Help realize King’s dream for America
As we pause this week to reflect upon the life and legacy on Martin Luther King Jr., many are often drawn to the humanitarian’s most memorable efforts: the 1955 Montgomery, Ala., bus boycott; the Birmingham, Ala., protests or the 1963 March on Washington.
A gifted orator and studied minister, King’s most quoted words are likely his “I Have a Dream” speech, which came out of the famous march that culminated at the Lincoln Memorial.
“I have a dream that one day this nation will rise up and live out the true meaning of its creed: We hold these truths to be self-evident; that all men are created equal,” he said to an estimated crowd of 250,000 on that August day.
While King’s impassioned speech certainly played a part in the passage of the Civil Rights Act of 1964, it is still considered by many to be an unfulfilled dream. So how do we start to help fulfill it? We look to our favorite sermon by King for just such instructions, and unfortunately it was his last sermon, commonly titled “The Drum Major Instinct,” given at Feb. 4, 1968, at Ebenezer Baptist Church in Atlanta, just a few weeks before his assassination.
In this sermon, King speaks at length about a passage in the Gospel of Mark in which the apostles James and John ask Jesus to anoint them as those who will sit on his right and left sides in the afterlife. Jesus asks them if they are prepared to do what is necessary for such an honor, to which they reply they are. However, Jesus replies it is not an honor for him to bestow.
“But whosoever will be great among you, shall be your servant: and whosoever of you will be the chiefest, shall be ser vant of all,” he tells them.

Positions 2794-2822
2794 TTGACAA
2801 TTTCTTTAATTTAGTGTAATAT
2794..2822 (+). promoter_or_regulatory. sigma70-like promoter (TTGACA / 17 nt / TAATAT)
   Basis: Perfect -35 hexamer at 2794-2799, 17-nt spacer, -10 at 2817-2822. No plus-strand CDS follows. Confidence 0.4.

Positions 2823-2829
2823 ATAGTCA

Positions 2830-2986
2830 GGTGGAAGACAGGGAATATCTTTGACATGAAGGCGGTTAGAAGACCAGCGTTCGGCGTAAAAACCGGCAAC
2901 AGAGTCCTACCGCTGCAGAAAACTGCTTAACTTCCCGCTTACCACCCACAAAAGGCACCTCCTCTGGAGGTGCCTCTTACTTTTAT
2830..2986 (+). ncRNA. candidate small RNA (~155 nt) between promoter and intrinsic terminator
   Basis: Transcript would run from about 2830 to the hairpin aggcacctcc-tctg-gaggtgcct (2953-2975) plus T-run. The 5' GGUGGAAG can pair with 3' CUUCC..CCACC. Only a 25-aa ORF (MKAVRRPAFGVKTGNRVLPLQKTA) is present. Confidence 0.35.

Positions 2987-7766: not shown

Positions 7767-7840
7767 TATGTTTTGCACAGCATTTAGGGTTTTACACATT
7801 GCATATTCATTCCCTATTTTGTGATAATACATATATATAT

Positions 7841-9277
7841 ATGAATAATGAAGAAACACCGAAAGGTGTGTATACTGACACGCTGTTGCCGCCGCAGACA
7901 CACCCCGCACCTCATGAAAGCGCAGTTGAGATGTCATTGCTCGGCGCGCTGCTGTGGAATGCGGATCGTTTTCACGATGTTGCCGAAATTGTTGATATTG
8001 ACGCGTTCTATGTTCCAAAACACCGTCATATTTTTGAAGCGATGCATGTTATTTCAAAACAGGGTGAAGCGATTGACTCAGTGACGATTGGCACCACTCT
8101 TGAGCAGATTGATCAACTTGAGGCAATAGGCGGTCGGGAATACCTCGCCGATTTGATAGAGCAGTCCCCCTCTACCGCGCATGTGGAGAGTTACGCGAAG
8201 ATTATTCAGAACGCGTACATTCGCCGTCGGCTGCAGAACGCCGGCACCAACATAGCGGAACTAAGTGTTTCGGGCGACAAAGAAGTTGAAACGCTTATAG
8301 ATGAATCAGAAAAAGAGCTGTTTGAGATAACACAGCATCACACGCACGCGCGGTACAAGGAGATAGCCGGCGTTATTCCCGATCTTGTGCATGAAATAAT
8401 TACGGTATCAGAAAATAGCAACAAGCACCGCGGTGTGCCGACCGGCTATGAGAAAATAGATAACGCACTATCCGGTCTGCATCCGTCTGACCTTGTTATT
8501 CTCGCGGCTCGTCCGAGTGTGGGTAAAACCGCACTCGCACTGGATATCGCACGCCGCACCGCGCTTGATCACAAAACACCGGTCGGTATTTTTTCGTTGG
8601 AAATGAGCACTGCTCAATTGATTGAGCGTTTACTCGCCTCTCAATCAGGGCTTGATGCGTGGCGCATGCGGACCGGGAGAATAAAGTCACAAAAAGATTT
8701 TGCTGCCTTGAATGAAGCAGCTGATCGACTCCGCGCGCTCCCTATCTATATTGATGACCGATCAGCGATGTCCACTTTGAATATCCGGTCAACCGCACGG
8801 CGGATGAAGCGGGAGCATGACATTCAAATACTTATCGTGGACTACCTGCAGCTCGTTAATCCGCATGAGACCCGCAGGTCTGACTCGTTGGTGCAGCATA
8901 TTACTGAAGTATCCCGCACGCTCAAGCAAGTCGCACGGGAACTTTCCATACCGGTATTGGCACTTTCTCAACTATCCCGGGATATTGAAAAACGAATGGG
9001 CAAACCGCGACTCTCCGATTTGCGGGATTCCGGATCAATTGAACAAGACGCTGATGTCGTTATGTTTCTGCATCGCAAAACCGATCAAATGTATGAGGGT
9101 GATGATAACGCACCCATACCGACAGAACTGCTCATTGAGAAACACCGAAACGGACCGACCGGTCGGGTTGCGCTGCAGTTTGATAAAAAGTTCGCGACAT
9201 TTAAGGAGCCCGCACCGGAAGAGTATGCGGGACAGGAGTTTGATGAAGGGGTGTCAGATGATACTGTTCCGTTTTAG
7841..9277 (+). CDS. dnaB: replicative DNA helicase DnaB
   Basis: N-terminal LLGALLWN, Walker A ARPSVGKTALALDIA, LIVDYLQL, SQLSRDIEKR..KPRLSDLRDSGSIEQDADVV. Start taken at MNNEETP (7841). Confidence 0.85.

James and John suffer from what King calls the “drum major instinct,” or “a desire to be out front, a desire to lead the parade, a desire to be first.” He talks at length about the theory developed by psychoanalyst Alfred Adler, who contends that this need for recognition is the dominant or basic impulse in life.
The “drum major instinct” is what drives vanity and jealousy, King says. If not properly “harnessed,” then we turn to worse ways to seek our recognition. So what are we to do about our “drum major instinct”? King said the answer to that question lies in Jesus’ answer to his apostles, in which he told them to harness their “drum major instinct” for good.
“And so Jesus gave us a new norm of greatness,” King said. “If you want to be important — wonderful. If you want to be recognized — wonderful. If you want to be great — wonderful. But recognize that he who is greatest among you shall be your servant. That’s a new definition of greatness.
“And this morning, the thing that I like about it: by giving that definition of greatness, it means that everybody can be great, because everybody can serve. You don’t have to have a college degree to serve. You don’t have to make your subject and your verb agree to serve. You don’t have to know about Plato and Aristotle to serve. You don’t have to know Einstein’s theory of relativity to serve. You don’t have to know the second theory of thermodynamics in physics to serve. You only need a heart full of grace and a soul generated by love. And you can be that servant.”
Let us reflect upon King’s word and try to make ourselves more humble as we help shape the world to the place we want it to be.